Background: Tibial spine fractures (TSFs) are typically treated nonoperatively when nondisplaced and operatively when completely displaced. However, it is unclear whether displaced but hinged (type 2) TSFs should be treated operatively or nonoperatively. Purpose: To compare operative versus nonoperative treatment of type 2 TSFs in terms of overall complication rate, ligamentous laxity, knee range of motion, and rate of subsequent operation. Study Design: Cohort study; Level of evidence, 3. Methods: We reviewed 164 type 2 TSFs in patients aged 6 to 16 years treated between January 1, 2000, and January 31, 2019. Excluded were patients with previous TSFs, anterior cruciate ligament (ACL) injury, femoral or tibial fractures, or grade 2 or 3 injury of the collateral ligaments or posterior cruciate ligament. Patients were placed according to treatment into the operative group (n = 123) or nonoperative group (n = 41). The only patient characteristic that differed between groups was body mass index (22 [nonoperative] vs 20 [operative]; P =.02). Duration of follow-up was longer in the operative versus the nonoperative group (11 vs 6.9 months). At final follow-up, 74% of all patients had recorded laxity examinations. Results: At final follow-up, the nonoperative group had more ACL laxity than did the operative group (P <.01). Groups did not differ significantly in overall complication rate, reoperation rate, or total range of motion (all, P >.05). The nonoperative group had a higher rate of subsequent new TSFs and ACL injuries requiring surgery (4.9%) when compared with the operative group (0%; P =.01). The operative group had a higher rate of arthrofibrosis (8.9%) than did the nonoperative group (0%; P =.047). Reoperation was most common for hardware removal (14%), lysis of adhesions (6.5%), and manipulation under anesthesia (6.5%). Conclusion: Although complication rates were similar between nonoperatively and operatively treated type 2 TSFs, patients treated nonoperatively had higher rates of residual laxity and subsequent tibial spine and ACL surgery, whereas patients treated operatively had a higher rate of arthrofibrosis. These findings should be considered when treating patients with type 2 TSF.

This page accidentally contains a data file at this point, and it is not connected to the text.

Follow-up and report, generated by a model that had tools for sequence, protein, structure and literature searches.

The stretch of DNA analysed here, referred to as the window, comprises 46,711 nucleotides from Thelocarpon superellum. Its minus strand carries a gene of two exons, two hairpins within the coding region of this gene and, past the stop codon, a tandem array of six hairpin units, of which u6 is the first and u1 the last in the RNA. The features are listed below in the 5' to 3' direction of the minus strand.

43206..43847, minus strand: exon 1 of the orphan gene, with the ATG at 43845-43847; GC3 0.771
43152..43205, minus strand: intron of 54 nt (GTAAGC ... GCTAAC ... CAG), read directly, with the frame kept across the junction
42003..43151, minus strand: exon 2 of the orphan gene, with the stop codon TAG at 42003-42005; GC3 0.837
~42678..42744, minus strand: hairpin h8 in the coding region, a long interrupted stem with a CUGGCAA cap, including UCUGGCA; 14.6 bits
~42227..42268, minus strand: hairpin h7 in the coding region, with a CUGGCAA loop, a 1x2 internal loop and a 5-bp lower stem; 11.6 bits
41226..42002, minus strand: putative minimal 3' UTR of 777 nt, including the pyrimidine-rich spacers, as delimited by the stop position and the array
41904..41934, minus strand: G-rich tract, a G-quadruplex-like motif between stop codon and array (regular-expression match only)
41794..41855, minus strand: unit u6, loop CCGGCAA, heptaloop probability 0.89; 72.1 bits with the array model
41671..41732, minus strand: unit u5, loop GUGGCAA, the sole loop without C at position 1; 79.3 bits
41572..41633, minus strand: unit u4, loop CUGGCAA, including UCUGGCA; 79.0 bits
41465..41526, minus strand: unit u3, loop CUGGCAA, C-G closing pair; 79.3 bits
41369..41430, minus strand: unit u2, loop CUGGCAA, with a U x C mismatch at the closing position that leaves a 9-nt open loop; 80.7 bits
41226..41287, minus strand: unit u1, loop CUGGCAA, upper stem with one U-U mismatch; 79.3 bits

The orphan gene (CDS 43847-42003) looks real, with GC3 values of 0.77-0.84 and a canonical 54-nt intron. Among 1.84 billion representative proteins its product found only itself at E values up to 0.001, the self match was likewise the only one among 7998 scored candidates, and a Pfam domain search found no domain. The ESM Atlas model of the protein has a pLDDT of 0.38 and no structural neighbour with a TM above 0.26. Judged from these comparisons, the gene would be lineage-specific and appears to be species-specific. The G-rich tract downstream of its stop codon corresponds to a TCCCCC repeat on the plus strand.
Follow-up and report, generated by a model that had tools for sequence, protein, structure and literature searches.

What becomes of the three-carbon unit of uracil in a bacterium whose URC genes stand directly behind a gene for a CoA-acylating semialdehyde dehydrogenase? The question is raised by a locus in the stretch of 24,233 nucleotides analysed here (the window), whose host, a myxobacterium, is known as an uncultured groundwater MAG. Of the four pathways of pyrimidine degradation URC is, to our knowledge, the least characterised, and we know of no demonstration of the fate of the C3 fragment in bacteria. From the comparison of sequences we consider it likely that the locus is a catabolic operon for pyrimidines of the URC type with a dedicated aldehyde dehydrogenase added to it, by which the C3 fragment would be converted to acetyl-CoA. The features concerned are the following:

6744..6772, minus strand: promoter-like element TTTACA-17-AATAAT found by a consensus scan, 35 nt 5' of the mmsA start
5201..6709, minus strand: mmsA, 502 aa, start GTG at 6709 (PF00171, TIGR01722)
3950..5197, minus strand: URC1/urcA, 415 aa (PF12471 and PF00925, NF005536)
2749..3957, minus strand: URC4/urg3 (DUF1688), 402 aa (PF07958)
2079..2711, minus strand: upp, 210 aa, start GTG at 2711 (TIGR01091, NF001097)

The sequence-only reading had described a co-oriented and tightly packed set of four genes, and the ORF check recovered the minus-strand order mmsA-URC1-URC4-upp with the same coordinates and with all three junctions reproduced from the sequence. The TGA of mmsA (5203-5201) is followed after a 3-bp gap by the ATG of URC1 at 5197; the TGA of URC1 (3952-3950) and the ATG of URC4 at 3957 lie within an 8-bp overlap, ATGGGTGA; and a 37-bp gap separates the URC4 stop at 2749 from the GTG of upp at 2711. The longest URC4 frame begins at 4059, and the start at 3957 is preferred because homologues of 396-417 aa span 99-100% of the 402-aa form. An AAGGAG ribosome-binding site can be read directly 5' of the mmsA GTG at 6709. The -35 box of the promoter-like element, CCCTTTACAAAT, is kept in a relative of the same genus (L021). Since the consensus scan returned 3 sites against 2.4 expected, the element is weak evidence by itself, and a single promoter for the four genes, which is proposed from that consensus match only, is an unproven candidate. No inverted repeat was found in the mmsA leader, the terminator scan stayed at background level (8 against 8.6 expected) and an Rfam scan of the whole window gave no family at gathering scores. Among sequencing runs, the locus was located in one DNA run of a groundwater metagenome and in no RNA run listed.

- nonoperative treatment
- tibial spine fracture
ASJC Scopus subject areas
- Orthopedics and Sports Medicine